But despite its presumed gimmicky subject matter, like a growing number of series that are tough to categorize, GLOW is a true dramedy with many layers. It is created by Liz Flahive and Carly Mensch, with Jenji Kohan (Orange Is the New Black) serving as executive producer. The show tackles serious topics but has a blast (from the past) all the while. From the music to costumes to early tech — even ’80s-rific training montages — the retro references are totally bitchin’. And yes, Gorgeous Ladies of Wrestling was a real women’s professional wrestling outfit started in 1986.
The show centers on Ruth (Alison Brie), the definition of a struggling actress — perhaps because of the sparse and unimpressive roles available to women, perhaps due to her level of talent. Ruth jumps at the opportunity to audition for a new project that will act as a female counterpart to the popular men’s pro-wrestling, unfazed by the prospect of playing a “Gorgeous Lady” and actually fighting in a ring.
Her cheerfully relentless, “go get ’em” attitude comes in stark contrast to that of her director Sam (Marc Maron, essentially playing himself). The tortured mind behind cult B-movies like Oedipussy, perpetually smoking and bemoaning his ex, dismisses her too-serious thespian take on the role.
But when Debbie (Betty Gilpin), Ruth’s best friend, hunts her down at the gym to confront her about a major betrayal — Ruth is not as squeaky clean as she might seem — their impromptu showdown wins Sam over. And he manages to recruit Debbie, a former soap opera star turned stay-at-home mom, to join Gorgeous Ladies of Wrestling, too.
The rest of the Gorgeous gang includes a diverse mix of women, in terms of shape, size, color and character — a stuntwoman, the daughter of a famous wrestler and a woman who, well, wants to be a wolf — played by everyone from singer Kate Nash and actual pro-wrestler Kia Stevens to both newbie and experienced actors.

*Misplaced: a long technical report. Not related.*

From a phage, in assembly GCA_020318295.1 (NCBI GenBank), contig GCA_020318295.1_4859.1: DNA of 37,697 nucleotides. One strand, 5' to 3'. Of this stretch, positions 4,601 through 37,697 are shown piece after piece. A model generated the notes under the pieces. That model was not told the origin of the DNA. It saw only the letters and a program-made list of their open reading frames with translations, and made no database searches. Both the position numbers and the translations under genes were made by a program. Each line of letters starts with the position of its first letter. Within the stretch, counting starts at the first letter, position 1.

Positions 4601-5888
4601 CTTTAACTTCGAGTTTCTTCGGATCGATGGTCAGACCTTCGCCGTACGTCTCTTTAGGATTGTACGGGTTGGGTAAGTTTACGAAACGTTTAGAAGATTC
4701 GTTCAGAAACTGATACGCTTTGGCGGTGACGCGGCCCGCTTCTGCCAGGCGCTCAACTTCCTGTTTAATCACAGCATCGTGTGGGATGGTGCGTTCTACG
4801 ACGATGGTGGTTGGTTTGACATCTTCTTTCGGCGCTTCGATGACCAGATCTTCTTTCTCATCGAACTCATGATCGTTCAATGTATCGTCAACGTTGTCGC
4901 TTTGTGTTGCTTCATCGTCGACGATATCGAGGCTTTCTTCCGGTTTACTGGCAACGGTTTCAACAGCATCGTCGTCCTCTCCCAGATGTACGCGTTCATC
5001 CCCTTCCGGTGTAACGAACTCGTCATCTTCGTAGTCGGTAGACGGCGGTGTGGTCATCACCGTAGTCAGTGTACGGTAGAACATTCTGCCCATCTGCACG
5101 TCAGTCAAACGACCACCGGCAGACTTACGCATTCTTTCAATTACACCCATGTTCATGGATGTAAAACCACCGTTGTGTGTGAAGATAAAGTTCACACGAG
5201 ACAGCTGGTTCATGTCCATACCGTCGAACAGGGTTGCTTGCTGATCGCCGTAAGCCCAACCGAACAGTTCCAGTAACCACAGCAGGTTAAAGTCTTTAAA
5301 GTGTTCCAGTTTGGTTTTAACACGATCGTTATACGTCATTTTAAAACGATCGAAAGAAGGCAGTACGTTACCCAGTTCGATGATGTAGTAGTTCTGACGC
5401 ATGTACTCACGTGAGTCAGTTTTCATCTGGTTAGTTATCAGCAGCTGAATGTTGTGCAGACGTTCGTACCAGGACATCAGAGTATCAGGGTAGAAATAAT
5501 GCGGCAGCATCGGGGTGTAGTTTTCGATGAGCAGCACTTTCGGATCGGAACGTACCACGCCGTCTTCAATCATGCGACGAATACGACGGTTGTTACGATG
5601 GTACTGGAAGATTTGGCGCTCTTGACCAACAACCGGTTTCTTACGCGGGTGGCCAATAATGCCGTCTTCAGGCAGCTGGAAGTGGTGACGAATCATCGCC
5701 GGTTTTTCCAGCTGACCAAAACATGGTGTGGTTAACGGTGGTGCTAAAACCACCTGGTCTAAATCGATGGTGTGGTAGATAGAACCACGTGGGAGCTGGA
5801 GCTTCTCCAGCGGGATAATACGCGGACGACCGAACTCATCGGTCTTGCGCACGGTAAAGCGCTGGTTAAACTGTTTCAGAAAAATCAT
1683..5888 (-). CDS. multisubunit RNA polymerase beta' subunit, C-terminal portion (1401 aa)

Sam envisions Gorgeous Ladies of Wrestling as being like another one of his sci-fi film odysseys, but Sebastian “Bash” Howard (Chris Lowell) has other plans. The coked-up Miami Vice-looking millionaire pushes for more stereotypes and less storytelling, leaving the women to embrace racist alter-egos like Welfare Queen, Beirut the Mad Bomber and Fortune Cookie. Sam tries to convince them the roles can serve as deeper commentary, but as “Welfare Queen” asks, will other people know that?
When forced to play into stereotypes, many of the characters discover their true selves. With fake moves comes real power; with faux rivalries in the ring comes real conflict in life.
Despite being the clear protagonist, it’s hard to get behind Brie’s character. Ruth is an intense over-actor straight out of your high school’s drama club. She sleeps with her best friend’s husband despite having zero feelings for him. She’s at once frustratingly flawed and refreshingly complex. Gilpin’s Debbie has a seemingly perfect life — she’s experienced fame, settled down and had a baby — but she’s on the brink of becoming unhinged. Gorgeous Ladies of Wrestling seems like a ridiculous impossibility at first, but ultimately empowers her. And while Maron embodies his character, Lowell falls just short. He should be the biggest source of comic relief — and often is funny — but his comedic timing is slightly off.
Still, GLOW explores many topics very much relevant today: diversity versus tokenism, the politics of marriage, empowerment versus exploitation and the many interpretations of feminism. In the end, Gorgeous Ladies of Wrestling is a group of diverse women forced into shallow, stereotypical roles, but GLOW gives them purpose.
Even today there are plenty of shows lauded for their diversity that actually lean on stereotypes and fail to tackle issues faced by minorities and other underrepresented people. Yes, representation matters, but so does content. Although GLOW has its flaws, it’s able to successfully address serious subjects while remaining flashy and fun.
CONTACT JAC KERN: @jackern